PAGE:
Bonaire’s Donkey Sanctuary

Shortly after our month-long rental of the Carcycle ended, we found ourselves at the top of the list for the community truck, aka “The Rust Bucket”. It’s an old Toyota, lovingly provided for the use of the cruising community by an ex-cruiser who went native. No frills, but it gets you around with working air conditioning.

We would end up using it to squeeze in a couple more dives, but first, we took it on a tour of the donkey sanctuary. The first stop when you drive through the gate is the infirmary, where the donkeys live when they’re sick, pregnant, or otherwise need special care. We arrived right around feeding time, so everyone was a little preoccupied.

Right next to the infirmary is an enclosure for a couple of flamingos. These birds were accidentally domesticated when a local guy started feeding them in his back yard. When he left the island, they were unequipped to survive on their own, and an neighbor brought them to the sanctuary, where they’ve been ever since.

Also adjacent is the baby nursery, where we got to meet some very young ones. These giant babies are only six weeks old! Apparently they grow up really fast.

Once the babies got tired of us, we piled back into the truck and prepared to enter the park proper. It’s customary for visitors to bring carrots, and the donkeys know this and are prepared. The park workers told us not to feed the donkeys near the gate, but apparently hope springs eternal.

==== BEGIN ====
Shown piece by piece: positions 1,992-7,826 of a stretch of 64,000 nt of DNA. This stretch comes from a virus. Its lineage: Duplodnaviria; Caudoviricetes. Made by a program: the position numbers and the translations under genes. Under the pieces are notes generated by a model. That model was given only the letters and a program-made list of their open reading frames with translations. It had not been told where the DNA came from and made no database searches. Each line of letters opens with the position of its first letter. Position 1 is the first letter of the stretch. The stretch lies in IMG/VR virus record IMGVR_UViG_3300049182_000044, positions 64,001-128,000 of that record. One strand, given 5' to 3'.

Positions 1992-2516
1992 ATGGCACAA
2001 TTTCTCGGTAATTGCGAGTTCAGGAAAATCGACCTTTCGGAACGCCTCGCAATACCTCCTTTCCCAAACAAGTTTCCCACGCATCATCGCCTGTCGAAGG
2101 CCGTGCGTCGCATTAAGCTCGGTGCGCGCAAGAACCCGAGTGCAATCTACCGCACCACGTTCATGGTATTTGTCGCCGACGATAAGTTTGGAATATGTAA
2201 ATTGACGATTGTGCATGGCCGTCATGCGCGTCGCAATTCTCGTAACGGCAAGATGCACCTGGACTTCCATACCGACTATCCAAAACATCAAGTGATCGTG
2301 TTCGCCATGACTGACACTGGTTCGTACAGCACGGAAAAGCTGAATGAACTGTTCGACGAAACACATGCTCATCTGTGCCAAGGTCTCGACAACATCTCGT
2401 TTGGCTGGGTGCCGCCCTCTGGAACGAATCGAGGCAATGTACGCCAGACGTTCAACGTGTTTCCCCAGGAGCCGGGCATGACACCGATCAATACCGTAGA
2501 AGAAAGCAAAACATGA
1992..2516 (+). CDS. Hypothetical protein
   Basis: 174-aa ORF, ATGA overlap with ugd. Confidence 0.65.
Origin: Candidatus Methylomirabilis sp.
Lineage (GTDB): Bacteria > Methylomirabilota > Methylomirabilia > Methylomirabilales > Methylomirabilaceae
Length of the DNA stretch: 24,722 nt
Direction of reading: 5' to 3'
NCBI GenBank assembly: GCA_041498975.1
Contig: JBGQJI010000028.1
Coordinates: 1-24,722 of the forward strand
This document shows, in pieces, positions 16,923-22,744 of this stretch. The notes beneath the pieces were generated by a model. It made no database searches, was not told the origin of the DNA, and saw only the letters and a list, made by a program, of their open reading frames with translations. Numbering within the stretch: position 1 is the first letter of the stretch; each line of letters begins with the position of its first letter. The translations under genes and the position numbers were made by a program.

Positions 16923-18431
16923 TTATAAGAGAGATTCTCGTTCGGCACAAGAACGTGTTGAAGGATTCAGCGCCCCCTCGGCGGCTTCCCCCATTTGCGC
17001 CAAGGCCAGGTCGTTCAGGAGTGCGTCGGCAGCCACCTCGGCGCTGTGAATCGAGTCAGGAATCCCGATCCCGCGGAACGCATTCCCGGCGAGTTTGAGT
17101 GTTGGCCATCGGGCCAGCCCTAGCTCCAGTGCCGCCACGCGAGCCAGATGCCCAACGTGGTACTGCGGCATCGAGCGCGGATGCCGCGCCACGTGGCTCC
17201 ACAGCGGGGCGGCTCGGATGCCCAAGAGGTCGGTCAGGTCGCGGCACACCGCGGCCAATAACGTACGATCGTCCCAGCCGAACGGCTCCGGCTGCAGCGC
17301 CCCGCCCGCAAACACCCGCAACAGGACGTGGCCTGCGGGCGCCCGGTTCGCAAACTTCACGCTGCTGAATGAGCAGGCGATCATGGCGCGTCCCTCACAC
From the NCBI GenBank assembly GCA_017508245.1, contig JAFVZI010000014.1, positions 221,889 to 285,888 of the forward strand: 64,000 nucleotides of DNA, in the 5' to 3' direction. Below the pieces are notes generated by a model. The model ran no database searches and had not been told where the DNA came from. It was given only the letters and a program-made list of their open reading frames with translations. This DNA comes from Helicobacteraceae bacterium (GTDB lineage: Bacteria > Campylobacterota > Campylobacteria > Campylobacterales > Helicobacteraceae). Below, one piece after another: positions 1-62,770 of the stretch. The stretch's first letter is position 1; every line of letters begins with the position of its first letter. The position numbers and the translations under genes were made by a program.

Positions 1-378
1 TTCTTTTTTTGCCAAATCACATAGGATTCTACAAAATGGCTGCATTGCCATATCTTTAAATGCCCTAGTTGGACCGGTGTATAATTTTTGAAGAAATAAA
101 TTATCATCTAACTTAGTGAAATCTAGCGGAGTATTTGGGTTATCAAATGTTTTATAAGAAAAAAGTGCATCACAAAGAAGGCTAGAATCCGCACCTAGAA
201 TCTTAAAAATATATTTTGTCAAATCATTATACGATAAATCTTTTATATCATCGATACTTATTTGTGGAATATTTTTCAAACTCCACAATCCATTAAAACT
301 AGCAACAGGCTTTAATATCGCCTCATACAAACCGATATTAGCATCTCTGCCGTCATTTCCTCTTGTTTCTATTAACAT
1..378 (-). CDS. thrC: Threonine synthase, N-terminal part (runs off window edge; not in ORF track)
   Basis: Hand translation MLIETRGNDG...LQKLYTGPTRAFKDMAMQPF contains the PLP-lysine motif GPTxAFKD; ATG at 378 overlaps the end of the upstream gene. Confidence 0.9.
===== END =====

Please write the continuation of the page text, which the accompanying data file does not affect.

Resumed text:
So you roll through the gauntlet and the donkeys grudgingly move aside, but only enough to let you pass, because their real game is to get their faces through the car windows.

So we made our way through to the observation tower, checking out some of the shade along the way, and handing out some carrots once we were far enough from the gate.

We had an easy enough time getting out of the car, but by the time we got back in, another crowd had formed.

Fortunately, it seems to be a smell thing, because once we’d given out our last carrot, we became a lot less interesting to the natives.

We stopped for a snack and a drink before our obligatory grocery run (when you have a car once a week, you don’t get to choose when you do your errands.) And then when we went to fill up the gas tank (another obligatory end-of-day stop when you have the community car), we saw this sticker, which we thought was pretty a pro pos.

All in all, a pretty good adventure.

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